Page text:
Screening
Les années 80 + Golden Eighties
Mon 21 Jan 2019, 19:00
CINEMATEK, Brussels
PART OF
  • In the presence of Marilyn Watelet
FILM
Les années 80
,
,
82’

“It begins with voices heard over black - the voice of an actor and a director, trying to find the right intonation for a short enigmatic phrase: ‘A ton âge, un chagrin, c’est vite passé’ - meaning, ‘At your age sorrows soon pass’, or maybe, ‘At your age misery doesn’t last’. The inflection required, perhaps because meaning must be found, proves elusive. Later in the film, when we hear the phrase used, it sneaks up on us, deep in context. But here, listening to voices, disembodied, as if heard in a Beckett radio play, we get into the to and fro between the women, the work being done, the sense of a search, of a collaboration. Women are speaking, but we don't see them. The things that happen when we see women on screen - fall into the charged world of the image - can’t happen. Instead we listen.”

Adam Roberts1

 

“Perhaps because Godard had done it (with Une femme est une femme), as had Jacques Demy (with Les demoiselles de Rochefort), so too was Chantal Akerman spurred to conceive of making a Technicolor musical. Or there again, maybe it is just the fact that Minnelli’s musicals at MGM (how wonderful is The Band Wagon!) are such very good films, that any film artist would want to navigate those waters. The trouble, in 1983, for Chantal Akerman was that a significant budget would be required. The solution, to put it crudely, was to make a ‘making of’ before the making, a kind of calling card that would beguile financiers.

Les années 80 is that – but it is also an experiment, an adventure in intertextuality, the revelation of process that is in itself a search for a way of making. Chantal Akerman appears as herself, off and on camera, urging, instructing, commanding, performing. The spirit of her first film, Saute ma ville!, is reignited – spritely, energetic and full of fun.”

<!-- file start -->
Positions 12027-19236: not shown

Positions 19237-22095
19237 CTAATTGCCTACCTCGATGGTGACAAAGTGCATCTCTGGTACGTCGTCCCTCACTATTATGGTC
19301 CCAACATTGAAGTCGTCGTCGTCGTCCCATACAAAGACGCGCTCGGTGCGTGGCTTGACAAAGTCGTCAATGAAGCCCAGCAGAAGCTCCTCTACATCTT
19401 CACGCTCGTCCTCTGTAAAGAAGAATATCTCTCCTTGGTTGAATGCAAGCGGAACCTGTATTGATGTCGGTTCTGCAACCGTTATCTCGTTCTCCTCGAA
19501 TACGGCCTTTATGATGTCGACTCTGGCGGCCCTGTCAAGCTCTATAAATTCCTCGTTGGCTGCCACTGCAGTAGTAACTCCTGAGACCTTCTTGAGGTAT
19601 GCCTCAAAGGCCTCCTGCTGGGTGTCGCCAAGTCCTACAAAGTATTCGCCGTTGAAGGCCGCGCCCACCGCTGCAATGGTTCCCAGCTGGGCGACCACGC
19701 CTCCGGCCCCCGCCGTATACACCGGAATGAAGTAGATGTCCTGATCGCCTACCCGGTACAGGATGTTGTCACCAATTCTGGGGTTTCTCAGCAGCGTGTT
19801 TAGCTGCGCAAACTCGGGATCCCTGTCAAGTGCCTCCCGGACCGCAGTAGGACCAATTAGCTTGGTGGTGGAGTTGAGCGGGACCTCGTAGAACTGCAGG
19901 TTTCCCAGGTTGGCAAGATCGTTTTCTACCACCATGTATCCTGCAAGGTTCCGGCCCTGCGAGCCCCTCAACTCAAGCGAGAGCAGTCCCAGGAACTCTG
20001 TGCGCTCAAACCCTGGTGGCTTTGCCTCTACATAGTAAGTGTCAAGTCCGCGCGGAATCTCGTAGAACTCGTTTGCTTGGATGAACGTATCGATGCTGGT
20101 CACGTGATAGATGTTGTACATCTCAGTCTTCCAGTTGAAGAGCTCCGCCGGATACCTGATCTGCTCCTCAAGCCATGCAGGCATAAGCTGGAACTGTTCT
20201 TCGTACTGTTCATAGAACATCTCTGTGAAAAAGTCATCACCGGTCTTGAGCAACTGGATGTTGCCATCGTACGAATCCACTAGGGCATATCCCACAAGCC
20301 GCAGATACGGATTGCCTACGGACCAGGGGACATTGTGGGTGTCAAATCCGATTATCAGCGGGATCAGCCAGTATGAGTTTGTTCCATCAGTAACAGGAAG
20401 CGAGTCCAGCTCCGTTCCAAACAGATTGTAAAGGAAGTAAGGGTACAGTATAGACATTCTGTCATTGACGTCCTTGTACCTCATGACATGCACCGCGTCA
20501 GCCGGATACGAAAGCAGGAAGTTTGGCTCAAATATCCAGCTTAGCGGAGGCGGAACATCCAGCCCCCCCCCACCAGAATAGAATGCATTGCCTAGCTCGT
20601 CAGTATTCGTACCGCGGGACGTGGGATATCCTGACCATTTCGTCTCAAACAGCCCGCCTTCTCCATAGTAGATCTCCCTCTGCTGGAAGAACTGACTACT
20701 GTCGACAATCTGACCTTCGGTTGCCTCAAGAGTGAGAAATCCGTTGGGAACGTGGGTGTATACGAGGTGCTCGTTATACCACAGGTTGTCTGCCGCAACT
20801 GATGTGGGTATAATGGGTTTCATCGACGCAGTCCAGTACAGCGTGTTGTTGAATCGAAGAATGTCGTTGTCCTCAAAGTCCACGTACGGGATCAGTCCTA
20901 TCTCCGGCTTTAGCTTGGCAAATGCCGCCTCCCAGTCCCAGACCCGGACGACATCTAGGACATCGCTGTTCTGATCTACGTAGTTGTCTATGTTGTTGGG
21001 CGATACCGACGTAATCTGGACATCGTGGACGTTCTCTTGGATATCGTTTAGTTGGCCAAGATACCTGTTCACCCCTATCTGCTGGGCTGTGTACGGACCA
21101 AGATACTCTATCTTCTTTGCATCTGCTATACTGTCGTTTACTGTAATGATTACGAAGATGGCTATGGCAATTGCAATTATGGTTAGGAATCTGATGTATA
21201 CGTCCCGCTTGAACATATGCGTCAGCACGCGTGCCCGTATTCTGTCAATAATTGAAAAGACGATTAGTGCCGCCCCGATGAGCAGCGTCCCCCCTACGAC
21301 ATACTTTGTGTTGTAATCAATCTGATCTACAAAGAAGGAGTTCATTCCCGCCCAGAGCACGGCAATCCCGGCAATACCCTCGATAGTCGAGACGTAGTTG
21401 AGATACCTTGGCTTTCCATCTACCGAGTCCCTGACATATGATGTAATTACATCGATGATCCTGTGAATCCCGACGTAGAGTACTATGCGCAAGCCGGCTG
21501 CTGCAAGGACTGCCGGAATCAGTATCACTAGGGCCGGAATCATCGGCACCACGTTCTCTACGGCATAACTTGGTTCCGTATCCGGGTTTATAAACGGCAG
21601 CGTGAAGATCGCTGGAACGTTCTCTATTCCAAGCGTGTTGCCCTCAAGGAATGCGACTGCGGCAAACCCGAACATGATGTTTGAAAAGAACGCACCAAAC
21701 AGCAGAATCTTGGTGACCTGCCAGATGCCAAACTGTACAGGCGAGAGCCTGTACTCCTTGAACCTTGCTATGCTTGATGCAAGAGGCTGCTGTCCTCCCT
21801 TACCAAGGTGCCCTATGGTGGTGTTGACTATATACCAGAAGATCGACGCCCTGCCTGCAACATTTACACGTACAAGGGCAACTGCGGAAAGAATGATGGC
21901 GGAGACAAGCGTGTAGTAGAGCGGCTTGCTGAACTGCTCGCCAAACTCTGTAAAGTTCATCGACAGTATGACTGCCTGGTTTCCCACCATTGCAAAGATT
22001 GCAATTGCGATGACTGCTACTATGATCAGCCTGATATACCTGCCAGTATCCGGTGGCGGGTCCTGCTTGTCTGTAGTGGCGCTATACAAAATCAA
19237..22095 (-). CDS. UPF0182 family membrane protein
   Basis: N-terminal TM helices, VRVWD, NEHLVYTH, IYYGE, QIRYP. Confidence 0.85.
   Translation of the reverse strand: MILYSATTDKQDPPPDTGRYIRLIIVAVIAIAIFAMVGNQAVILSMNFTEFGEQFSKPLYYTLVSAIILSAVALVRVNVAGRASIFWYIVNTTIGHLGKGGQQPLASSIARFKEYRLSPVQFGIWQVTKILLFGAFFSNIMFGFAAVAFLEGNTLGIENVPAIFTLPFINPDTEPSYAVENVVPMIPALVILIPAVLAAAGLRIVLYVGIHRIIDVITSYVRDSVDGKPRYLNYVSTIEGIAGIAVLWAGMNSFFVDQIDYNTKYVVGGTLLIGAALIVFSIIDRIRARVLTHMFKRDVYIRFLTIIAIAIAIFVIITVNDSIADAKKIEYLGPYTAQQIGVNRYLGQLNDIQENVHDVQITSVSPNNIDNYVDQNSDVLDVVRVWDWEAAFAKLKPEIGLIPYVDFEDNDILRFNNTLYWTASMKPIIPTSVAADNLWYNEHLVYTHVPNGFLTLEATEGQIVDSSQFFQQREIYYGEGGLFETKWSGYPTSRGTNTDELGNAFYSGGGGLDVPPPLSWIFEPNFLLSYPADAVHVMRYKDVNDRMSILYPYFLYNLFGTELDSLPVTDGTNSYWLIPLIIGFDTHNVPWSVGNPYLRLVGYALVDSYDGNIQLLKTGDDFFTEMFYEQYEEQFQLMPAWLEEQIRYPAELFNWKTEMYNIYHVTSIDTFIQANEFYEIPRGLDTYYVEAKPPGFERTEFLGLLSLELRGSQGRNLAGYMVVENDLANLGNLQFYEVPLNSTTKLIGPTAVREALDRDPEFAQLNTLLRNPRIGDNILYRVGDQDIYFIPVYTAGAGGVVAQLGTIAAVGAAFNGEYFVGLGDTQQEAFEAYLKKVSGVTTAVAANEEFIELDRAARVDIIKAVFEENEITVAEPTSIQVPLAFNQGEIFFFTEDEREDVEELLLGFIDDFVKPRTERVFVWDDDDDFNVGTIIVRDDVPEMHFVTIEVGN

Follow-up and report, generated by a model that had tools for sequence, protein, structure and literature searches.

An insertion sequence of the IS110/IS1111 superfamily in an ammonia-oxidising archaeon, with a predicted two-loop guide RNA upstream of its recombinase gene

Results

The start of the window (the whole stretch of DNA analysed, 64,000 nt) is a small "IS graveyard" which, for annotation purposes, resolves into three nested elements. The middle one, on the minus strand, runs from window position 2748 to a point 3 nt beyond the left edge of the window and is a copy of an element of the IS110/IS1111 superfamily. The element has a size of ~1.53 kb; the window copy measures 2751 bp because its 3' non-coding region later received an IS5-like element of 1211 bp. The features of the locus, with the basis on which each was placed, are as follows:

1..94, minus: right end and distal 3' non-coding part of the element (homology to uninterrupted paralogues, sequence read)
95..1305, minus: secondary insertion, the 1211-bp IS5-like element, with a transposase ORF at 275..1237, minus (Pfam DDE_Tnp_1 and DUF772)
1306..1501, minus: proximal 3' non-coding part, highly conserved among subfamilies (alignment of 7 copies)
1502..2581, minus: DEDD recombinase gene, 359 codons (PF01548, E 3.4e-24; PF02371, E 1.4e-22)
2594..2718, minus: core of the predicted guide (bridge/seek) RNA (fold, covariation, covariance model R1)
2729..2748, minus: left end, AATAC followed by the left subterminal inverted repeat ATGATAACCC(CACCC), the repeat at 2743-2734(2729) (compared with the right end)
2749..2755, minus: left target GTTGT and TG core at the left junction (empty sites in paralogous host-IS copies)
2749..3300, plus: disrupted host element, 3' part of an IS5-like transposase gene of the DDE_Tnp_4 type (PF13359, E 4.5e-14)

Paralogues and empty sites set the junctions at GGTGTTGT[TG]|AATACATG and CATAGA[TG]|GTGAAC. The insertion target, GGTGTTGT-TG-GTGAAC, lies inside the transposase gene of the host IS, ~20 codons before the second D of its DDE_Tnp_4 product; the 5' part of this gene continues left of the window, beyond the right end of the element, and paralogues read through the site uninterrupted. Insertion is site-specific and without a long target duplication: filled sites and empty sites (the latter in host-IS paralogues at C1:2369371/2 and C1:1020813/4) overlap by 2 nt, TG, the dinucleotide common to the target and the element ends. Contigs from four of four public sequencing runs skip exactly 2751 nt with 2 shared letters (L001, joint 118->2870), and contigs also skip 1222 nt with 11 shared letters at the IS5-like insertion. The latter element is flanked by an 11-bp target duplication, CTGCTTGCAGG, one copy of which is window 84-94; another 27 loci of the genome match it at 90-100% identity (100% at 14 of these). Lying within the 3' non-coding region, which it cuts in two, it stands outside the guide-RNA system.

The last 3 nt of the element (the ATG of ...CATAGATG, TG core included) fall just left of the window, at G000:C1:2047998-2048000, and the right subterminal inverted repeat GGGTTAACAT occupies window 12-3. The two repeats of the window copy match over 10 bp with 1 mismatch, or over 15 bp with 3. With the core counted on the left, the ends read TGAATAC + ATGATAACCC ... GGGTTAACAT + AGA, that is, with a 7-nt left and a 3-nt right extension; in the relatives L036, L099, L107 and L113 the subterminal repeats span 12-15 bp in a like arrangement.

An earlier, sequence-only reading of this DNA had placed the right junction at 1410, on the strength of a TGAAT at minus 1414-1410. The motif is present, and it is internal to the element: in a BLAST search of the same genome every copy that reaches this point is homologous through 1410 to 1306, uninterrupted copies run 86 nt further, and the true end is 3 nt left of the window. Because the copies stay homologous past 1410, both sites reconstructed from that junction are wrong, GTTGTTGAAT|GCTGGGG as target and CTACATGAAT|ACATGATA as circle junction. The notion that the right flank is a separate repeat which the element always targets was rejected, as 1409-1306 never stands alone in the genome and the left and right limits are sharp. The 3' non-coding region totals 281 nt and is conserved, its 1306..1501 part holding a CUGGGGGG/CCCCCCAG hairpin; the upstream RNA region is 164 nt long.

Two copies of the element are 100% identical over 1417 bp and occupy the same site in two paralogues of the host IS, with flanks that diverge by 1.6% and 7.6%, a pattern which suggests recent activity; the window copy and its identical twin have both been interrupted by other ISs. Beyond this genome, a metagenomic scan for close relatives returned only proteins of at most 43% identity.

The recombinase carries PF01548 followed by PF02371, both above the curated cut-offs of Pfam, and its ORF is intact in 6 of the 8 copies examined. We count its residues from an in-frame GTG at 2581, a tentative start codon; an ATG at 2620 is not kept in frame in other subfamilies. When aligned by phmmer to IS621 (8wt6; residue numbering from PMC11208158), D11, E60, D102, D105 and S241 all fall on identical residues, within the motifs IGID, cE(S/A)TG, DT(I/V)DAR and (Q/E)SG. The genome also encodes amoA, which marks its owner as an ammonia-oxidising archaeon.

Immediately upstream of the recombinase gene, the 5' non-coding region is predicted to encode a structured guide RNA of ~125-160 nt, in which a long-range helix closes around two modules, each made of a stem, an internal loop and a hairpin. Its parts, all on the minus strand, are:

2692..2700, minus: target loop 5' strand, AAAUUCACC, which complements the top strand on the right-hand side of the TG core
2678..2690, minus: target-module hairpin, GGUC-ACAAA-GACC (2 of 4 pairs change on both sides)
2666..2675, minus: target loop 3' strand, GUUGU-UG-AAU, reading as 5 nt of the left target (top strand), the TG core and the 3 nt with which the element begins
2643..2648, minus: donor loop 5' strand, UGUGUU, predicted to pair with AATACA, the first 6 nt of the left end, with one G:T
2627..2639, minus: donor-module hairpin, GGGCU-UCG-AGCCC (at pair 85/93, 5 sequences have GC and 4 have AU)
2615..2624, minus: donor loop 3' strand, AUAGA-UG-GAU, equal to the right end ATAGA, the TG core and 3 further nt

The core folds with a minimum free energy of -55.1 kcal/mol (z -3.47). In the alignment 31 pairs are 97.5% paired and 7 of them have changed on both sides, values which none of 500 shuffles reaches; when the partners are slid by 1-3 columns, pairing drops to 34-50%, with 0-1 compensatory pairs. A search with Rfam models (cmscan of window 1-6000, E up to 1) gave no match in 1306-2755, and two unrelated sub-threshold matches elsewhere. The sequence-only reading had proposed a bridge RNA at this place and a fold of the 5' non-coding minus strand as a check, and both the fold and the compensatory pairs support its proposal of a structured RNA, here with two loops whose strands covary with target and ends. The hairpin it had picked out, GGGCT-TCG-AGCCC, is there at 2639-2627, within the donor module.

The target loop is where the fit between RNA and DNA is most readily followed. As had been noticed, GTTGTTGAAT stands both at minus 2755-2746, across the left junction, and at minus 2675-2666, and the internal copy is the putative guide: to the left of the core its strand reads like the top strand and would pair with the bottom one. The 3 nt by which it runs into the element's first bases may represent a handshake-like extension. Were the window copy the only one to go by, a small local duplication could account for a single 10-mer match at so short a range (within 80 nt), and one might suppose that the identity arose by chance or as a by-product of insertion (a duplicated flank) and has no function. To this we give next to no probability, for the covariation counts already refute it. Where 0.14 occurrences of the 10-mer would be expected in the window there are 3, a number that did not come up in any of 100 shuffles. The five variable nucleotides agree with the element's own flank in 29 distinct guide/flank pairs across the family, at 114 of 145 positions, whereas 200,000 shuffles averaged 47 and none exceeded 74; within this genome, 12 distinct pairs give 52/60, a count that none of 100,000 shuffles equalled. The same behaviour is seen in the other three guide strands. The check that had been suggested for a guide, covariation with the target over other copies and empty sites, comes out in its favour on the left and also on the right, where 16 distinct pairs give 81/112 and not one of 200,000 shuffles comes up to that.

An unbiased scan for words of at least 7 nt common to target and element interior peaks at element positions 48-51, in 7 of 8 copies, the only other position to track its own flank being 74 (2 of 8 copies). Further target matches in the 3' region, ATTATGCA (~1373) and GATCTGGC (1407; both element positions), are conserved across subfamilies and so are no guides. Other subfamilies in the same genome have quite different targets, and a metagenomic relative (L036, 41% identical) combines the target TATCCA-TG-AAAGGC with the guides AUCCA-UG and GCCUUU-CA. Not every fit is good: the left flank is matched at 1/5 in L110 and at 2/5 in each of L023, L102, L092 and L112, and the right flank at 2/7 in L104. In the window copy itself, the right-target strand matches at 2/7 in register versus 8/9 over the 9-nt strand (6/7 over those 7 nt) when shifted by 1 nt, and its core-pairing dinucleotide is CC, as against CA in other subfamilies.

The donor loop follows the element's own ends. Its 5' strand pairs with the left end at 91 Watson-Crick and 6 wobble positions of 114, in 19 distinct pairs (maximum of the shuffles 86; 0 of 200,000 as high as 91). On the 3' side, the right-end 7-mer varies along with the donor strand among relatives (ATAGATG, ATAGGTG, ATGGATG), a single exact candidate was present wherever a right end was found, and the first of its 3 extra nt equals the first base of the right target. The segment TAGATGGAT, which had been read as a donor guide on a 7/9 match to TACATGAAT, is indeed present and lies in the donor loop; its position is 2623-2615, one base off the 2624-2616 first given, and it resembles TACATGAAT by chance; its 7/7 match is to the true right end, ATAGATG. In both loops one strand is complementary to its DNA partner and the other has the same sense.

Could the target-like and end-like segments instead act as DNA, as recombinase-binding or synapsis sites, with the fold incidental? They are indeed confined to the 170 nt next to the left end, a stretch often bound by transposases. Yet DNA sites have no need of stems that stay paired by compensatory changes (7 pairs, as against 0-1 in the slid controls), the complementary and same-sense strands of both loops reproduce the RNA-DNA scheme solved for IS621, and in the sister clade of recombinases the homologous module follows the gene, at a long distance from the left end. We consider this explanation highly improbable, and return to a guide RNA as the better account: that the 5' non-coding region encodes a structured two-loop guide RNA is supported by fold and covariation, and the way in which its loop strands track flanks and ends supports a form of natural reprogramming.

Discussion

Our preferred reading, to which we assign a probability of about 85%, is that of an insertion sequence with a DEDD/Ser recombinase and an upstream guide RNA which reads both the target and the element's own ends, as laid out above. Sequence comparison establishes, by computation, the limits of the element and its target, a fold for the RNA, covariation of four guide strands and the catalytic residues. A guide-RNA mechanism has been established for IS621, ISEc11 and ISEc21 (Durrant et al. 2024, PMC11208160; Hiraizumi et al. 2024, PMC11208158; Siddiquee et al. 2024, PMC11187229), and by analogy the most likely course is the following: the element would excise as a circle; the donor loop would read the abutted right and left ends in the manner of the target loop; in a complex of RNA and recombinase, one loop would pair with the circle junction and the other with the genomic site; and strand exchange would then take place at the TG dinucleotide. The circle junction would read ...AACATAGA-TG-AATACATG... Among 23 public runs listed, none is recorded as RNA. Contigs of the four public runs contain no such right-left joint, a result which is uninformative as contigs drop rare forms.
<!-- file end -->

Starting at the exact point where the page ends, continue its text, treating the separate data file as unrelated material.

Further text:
Joanna Hogg and Adam Roberts2

 

“One of the more touching aspects of Les années 80 and Golden Eighties is that Akerman’s own exuberant conducting of a robust waltz sung by an actress in a sound studio in the former film is far more animated, physical, emotional, and moving than the ‘finished’ (and abbreviated) version performed by a different actress is in the second film. More generally, Akerman’s documentaries might be said to run the gamut from the relatively routine (Un jour Pina à demandé [1983] and Sud [1999]) to the extremely powerful (D’est and De l’autre côté [2002]), with Les années 80 and Chantal Akerman par Chantal Akerman somewhere in between these extremes.” 

Jonathan Rosenbaum3

FILM
Golden Eighties
,
,
96’

“Aanvankelijk zin om een komedie te maken. 

Een komedie over de liefde... en de handel. 

Burlesk; teder, waanzinnig. 

Vervolgens was één plaats het uitgangspunt van alles. 

Een plaats die ik goed ken omdat ik er verscheidene malen als verkoopster heb gewerkt.

Een winkelgalerij, om precies te zijn de ‘Galerie de la Toison d’Or’ in Brussel.

Een architektoniese ruimte die de plaats zal worden van één of meer komiese verwikkelingen, waar een sentimentele ruimte zou kunnen ontstaan, en waar achter de komedie, en met de komedie, het geweld zich zou kunnen aftekenen, een dof, alledaags geweld.

Chantal Akerman1

 

Nicole Brenez: Did you keep any traces from Levinas’ seminars?

Chantal Akerman: No, I didn’t take notes and I forgot everything after my first breakdown. Since then, my memory’s been worse. It was a real disaster, just before Golden Eighties, which hadn’t been made as I wanted.